For some reason, my high school stories seem to be the most popular posts, at least according the stats.

Here is one about how I became a cheerleader, and how I almost died.

Yes, I could have died. Well, maybe that’s a little dramatic, but it’s a stuck-on point, for sure.

Like every other girl that went to my school, I tried out for junior high cheerleader in the sixth grade. And again, like a lot of girls, I didn’t make the squad. I didn’t try out again until the 11th grade.

I still remember when I found out.

After try-outs, I’d went with my health class to a conference. On the bus ride home, a classmate who’d been cheering her entire life called the cheer coach to find out details.

“Well, what is it?,” another girl asked.

My classmate told us who’d got the head position, who was co-head, and who’d been cut. She said nothing about me. I knew I hadn’t made it.

“What about me?,” I asked.

“Oh yea, of course you made it.” She’d said it like it was so obvious.

I was on cloud 153. I’d was going to be popular. I was going to be a cheerleader!

That summer came, and we sold donuts and went to cheerleading camp at UA. I was on top of the world. My own world, granted, but still.

Then came that fall. Since our school didn’t have football, we cheered at all of the basketball games. One day, we were practicing out in the courtyard of our school.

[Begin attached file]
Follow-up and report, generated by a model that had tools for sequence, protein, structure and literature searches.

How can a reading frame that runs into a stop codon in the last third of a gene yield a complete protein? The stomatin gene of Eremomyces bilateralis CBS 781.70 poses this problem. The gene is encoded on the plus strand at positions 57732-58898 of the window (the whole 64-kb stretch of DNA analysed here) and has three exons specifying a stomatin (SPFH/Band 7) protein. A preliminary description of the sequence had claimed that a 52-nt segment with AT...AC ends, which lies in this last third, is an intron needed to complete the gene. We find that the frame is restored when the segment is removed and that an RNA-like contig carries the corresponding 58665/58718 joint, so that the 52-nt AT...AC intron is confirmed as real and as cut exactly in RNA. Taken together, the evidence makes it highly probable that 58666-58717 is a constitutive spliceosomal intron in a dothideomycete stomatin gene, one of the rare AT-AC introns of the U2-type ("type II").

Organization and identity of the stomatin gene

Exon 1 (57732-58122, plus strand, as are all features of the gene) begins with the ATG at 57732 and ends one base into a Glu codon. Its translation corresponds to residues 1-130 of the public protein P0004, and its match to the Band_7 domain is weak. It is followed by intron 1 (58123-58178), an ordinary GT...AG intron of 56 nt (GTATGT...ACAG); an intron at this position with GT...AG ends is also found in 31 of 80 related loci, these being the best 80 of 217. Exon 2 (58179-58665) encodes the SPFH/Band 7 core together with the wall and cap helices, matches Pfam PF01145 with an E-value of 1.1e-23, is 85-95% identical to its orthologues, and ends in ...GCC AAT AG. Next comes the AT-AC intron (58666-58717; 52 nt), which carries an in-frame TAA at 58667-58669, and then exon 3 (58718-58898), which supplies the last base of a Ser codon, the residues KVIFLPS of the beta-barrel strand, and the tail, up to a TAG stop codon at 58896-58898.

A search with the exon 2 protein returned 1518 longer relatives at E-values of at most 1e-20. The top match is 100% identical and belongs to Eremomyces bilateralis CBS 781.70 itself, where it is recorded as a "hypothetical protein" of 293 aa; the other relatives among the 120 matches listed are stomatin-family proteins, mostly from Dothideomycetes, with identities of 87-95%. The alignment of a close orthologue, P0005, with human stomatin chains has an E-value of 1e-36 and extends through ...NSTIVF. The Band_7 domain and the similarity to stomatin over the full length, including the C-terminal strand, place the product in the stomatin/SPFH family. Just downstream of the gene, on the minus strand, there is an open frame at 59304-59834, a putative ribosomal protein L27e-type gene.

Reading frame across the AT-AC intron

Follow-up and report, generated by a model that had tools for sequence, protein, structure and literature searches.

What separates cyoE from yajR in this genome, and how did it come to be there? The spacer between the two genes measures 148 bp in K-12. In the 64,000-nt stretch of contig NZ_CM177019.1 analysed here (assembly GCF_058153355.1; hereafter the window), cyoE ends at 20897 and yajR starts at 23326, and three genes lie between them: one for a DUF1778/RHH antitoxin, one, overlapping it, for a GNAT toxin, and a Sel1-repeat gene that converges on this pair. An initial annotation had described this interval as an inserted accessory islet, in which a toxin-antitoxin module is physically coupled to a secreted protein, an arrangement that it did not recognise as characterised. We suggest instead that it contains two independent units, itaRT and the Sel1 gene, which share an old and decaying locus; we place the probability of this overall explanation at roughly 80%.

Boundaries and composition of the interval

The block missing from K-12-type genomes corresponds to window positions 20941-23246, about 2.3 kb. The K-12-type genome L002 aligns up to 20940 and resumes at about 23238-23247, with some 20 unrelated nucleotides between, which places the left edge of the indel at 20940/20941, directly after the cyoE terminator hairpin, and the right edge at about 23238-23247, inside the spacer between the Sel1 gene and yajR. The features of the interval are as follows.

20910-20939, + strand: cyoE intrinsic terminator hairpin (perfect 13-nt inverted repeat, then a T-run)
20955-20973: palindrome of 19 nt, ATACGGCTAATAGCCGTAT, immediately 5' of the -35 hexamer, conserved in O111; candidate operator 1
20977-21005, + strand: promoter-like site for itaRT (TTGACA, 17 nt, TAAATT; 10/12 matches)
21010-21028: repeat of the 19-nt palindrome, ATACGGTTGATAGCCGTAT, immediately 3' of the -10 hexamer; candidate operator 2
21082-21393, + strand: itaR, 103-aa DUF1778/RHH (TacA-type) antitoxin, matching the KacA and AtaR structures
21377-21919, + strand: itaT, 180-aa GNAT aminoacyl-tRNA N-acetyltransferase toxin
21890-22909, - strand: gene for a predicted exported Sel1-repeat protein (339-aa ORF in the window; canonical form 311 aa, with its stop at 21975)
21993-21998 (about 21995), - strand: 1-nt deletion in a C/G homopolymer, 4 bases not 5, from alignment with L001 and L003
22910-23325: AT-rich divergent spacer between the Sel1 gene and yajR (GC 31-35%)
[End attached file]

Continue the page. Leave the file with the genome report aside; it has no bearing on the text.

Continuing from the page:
Being one of the smaller cheerleaders, I’d been practicing all summer to build – to be the one at the top of the pyramid, so to speak. That day, we were practicing an extension, where I’d go straight up to extend to the top of their outstretched arms.

I remember exactly what happened before the build.

A dark green ’67 Mustang drove by the school.

“Ready, one, two, up.”

Then I fell.


I awoke and it my alarm clock. I didn’t want to go to school that day, and I wasn’t getting out of bed.

“Where does your dad work?”

Do, huh, what now?

“Where does your dad work?” Why on Earth is someone asking me where my dad works? And why is my alarm clock made of grass?

Fifteen minutes later: “Who is the president? What year is it?”

“What hospital are you in?” How was I supposed to know what hospital I was in if I’d been in the back of an ambulance with no windows the entire time?

I was fine. I had to wear a neck brace and had apparently had a grand mal seizure, but I was good. I was even up and cheering again in just a few days.

It’s funny – I wouldn’t trade my cheerleading experience for anything. I loved it. That still comes up every time in “what’s the worst injury you’ve ever had?”


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